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Washington got high level, detailed briefings on  France's 3-strikes law - also known as the Hadopi law - and the Telecoms Package. With the Motion Picture Association and the RIAA in the loop.


We always thought it,  but somehow the leaked cables,  released by the Wikileaks website from the American Embassy in Paris, are interesting even in their confirmation of our suspicions. In particular, they reveal  how the American entertainment industry lobbied for 3-strikes measures in Europe.  


Two cables have been made public by Le Monde, the French newspaper which has access to the full database of leaked cables. These two cables  tell us how the

US authorities were informed at the highest level about France's 3-strikes law, also known as the Hadopi law.


The US embassy was informed by the most senior official at the French Ministry of Culture, who was responsible for the Hadopi law - a man called Olivier Henrard. He is named in the cables as the ‘point-person' and appears to have passed to them detailed information on the passage of the law.   


Whilst the Embassy never applies any direct pressure on the French, it is evident from the tone of the cables that the US was keen for  the French to  go through with the 3-strikes measures.  The cable details the US  concerns about opposition to the law, and how  the Sarkozy regime could  overcome it.


It is evident that the Embassy's interest is to defend the US entertainment industries, and specifically the Motion Picture Association and the RIAA, who's lobbying message was that the 3-strikes law was "very important" to their anti-piracy strategies.  It is significant that the Embassy was liaising directly with the MPA President, Robert Pisano.


Further on, the author discusses the EU Telecoms Package, in the context of the French  3-strikes law.   The point of contact, Olivier Henrard, had  was critical of  the French Socialists' attempt to raise the issue of 3-strikes and Internet cut-off in the European Parliament, in the context of the Telecoms Package. And he assured the American government that France  would ‘push back' on any attempt in the Telecoms Package  to prevent the implementation of the 3-strikes law in France. This will be a direct reference to Amendment 138, which the French government did fight against.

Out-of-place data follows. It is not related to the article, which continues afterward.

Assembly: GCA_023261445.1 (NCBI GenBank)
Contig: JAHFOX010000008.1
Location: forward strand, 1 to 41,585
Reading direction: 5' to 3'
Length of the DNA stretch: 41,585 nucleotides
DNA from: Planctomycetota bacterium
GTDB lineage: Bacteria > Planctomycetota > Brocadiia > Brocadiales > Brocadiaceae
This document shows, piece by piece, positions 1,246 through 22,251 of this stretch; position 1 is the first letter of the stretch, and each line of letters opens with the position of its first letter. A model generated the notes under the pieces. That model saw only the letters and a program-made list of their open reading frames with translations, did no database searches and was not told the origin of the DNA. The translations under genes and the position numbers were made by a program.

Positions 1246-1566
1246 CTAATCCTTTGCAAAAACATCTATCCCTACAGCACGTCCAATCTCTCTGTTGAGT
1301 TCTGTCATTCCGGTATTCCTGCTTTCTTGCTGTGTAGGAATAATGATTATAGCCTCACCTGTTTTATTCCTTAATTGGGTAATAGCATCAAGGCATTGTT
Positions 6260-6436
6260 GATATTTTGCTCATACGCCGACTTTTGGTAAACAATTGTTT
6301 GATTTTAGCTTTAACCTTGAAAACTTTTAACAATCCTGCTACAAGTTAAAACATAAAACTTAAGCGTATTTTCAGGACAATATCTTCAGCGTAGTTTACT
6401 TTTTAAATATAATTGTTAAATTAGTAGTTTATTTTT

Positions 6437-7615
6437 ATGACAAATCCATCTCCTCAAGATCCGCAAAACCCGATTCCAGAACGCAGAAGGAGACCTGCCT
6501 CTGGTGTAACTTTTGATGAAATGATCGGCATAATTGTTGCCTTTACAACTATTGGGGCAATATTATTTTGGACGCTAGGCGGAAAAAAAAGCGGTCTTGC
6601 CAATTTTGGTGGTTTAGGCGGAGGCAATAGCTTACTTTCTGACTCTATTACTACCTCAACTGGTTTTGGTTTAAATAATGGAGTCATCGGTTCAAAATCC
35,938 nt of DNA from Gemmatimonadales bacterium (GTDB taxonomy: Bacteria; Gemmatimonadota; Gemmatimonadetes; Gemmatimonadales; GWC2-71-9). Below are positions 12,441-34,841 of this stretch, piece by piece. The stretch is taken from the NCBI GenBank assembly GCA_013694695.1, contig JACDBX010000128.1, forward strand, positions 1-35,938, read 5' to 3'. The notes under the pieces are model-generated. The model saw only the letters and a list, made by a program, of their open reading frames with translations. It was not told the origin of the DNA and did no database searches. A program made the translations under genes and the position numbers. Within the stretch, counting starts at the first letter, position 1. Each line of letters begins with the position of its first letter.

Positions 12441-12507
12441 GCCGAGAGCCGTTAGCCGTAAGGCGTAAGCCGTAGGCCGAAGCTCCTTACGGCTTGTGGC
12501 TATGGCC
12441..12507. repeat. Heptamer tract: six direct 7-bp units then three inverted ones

Quotes from the Paris Embassy cables: 


"U.S. industry continues to watch the bill closely. Motion Picture Association of America (MPAA)  President Robert Pisano told the Charge on March 20  that the graduated response law is "very important" to  the fight against online piracy, and to MPAA. The  Recording Industry of America has expressed similarSentiments"


"They [the French Socialist party - Ed] have also taken their case to the European Parliament, where debate over the right to disconnect users from the internet has been injected in to discussion of the EU telecoms package. The

Culture Ministry's Henrard decried Socialists' efforts to politicize the telecoms package, and indicated the

GOF would push back on any EU efforts to preclude the GOF from implementing its law."


Le Monde,

WikiLeaks : la loi Hadopi intéresse au plus haut point Washington , 3 December 2010

 PC Inpact , 
Wikileaks : les câbles de l'ambassade américaine sur Hadopi, 6 December 2010

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This article is licensed under a Creative Commons Attribution Non-commercial-Share Alike 2.5 UK:England and Wales License. It may be used for non-commercial purposes only, and the author's name should be attributed. The correct attribution for this article is: Monica Horten (2010)  Hollywood's Hadopi lobbying outed in French embassy cables, 11 December 2010.


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Copyright Enforcement Enigma launch, March 2012

In 2012, I presented my PhD research in the European Parliament.

Don't miss Iptegrity!  RSS/ Bookmark is the website of Dr Monica Horten. She is a policy analyst specialising in Internet governance & European policy, including platform accountability. She is a published author & Visiting Fellow at the London School of Economics & Political Science. She served as an independent expert on the Council of Europe Committee on  Internet Freedom. She has worked on CoE, EU and UNDP funded projects in eastern Europe and the Caucasus. In a voluntary capacity, she has led UK citizen delegations to the European Parliament. She was shortlisted for The Guardian Open Internet Poll 2012.

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